Saturday, March 29, 2008

The Heart Loves Fish

The heart loves a fish diet. Maintaining a diet that includes two portions of fish a week leads to many benefits. The American Heart Association has this to say on the subject, "Fish is a good source of protein and doesn’t have the high saturated fat that fatty meat products do." The American Heart Association also notes that a diet rich in Omega-3 also reduces cardiovascular disease (CVD).

PUFA Newsletter, a quarterly newsletter for health professionals about polyunsaturated fatty acids, presents the findings of a September 2007 National Heart, Lungs and Blood Institute (NHLBI) report that has further details on the intersection of Omega-3 fatty acids, CVD and arrhythmias. The newsletter states:
The NHLBI report focused on arrhythmias, the major underlying cause of sudden cardiac death, which accounts for about 37% of all cardiovascular disease deaths. Some 80% to 90% of all sudden cardiac deaths stem from ventricular arrhythmias.
While the NHLBI noted the benefits of Omega-3 fatty acids in preventing arrhythmias, it would not commit to advancing public policy guidelines, instead calling for more research into the subject as reported at, the sister site to PUFA. Their refusal stems from three major studies of heart disease patients with implanted cardioverter defibrillators (ICD). Fats of Life states:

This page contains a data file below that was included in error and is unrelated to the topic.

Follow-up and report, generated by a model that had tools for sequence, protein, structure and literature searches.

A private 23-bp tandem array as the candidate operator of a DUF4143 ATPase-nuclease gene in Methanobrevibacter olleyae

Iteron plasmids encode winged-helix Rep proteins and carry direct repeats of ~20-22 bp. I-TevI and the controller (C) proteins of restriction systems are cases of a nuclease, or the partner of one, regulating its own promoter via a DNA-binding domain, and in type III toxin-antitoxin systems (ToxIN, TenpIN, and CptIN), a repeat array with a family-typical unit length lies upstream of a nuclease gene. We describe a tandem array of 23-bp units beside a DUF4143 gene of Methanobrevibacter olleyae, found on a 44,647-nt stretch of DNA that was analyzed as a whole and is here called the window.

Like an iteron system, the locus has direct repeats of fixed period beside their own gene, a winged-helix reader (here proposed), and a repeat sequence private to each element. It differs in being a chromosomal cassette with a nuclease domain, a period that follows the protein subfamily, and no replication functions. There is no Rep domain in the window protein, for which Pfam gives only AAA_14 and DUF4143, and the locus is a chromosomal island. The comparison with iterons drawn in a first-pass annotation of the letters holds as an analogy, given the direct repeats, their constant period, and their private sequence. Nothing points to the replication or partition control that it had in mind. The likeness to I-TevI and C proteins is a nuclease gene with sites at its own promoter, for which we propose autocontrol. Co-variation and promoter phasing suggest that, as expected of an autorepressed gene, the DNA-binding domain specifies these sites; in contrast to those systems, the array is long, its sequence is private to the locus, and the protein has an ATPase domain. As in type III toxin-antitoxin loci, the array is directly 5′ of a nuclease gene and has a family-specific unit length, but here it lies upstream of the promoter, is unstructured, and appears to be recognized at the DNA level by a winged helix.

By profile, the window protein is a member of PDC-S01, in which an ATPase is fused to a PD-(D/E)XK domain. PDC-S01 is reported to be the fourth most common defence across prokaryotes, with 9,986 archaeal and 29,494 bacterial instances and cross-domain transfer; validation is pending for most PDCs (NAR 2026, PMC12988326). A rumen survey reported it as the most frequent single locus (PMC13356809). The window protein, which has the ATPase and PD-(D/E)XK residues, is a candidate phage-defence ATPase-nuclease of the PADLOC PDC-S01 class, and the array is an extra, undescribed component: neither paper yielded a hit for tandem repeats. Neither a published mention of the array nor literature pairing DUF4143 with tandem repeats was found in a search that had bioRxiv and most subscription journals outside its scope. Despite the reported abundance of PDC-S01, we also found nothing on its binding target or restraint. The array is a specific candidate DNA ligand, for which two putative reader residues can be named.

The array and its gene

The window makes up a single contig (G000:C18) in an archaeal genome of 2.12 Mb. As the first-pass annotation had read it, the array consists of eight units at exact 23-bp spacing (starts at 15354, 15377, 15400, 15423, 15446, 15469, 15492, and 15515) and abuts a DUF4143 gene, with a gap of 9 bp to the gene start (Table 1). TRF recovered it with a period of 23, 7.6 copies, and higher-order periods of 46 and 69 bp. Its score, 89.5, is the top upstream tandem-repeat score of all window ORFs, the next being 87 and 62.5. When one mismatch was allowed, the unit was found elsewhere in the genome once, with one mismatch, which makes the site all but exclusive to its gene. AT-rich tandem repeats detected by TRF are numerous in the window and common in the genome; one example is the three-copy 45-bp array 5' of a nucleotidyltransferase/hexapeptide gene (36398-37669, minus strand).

In these studies, patients who consumed fish oil experienced either no benefit or a greater likelihood of developing arrhythmia. . . Upon closer examination, however, it turns out that not all arrhythmias are alike. The type may depend on the patient’s clinical condition, such as chest pain or heart attack (myocardial infarction), and the cause of the arrhythmia.

Ralph Brennan's New Orleans Seafood Cookbook features recipes with seafood rich in Omega-3 such as trout (Trout Amandine or Trout Meuniere), tuna (Sesame-Seared Tuna) and oysters (refer to our blog entry on oysters, 3/18/08). Shrimp, crab and crawfish have smaller amounts of Omega-3. Help your heart and your appetite by preparing one of the dishes presented in Ralph Brennan's New Orleans Seafood Cookbook.

SOURCE: "American Heart Association"
SOURCE: "PUFA Newsletter" 03/08
SOURCE: "Fats of Life" 03/08
photo courtesy of aussiegall, used under this Creative Commons license

No comments: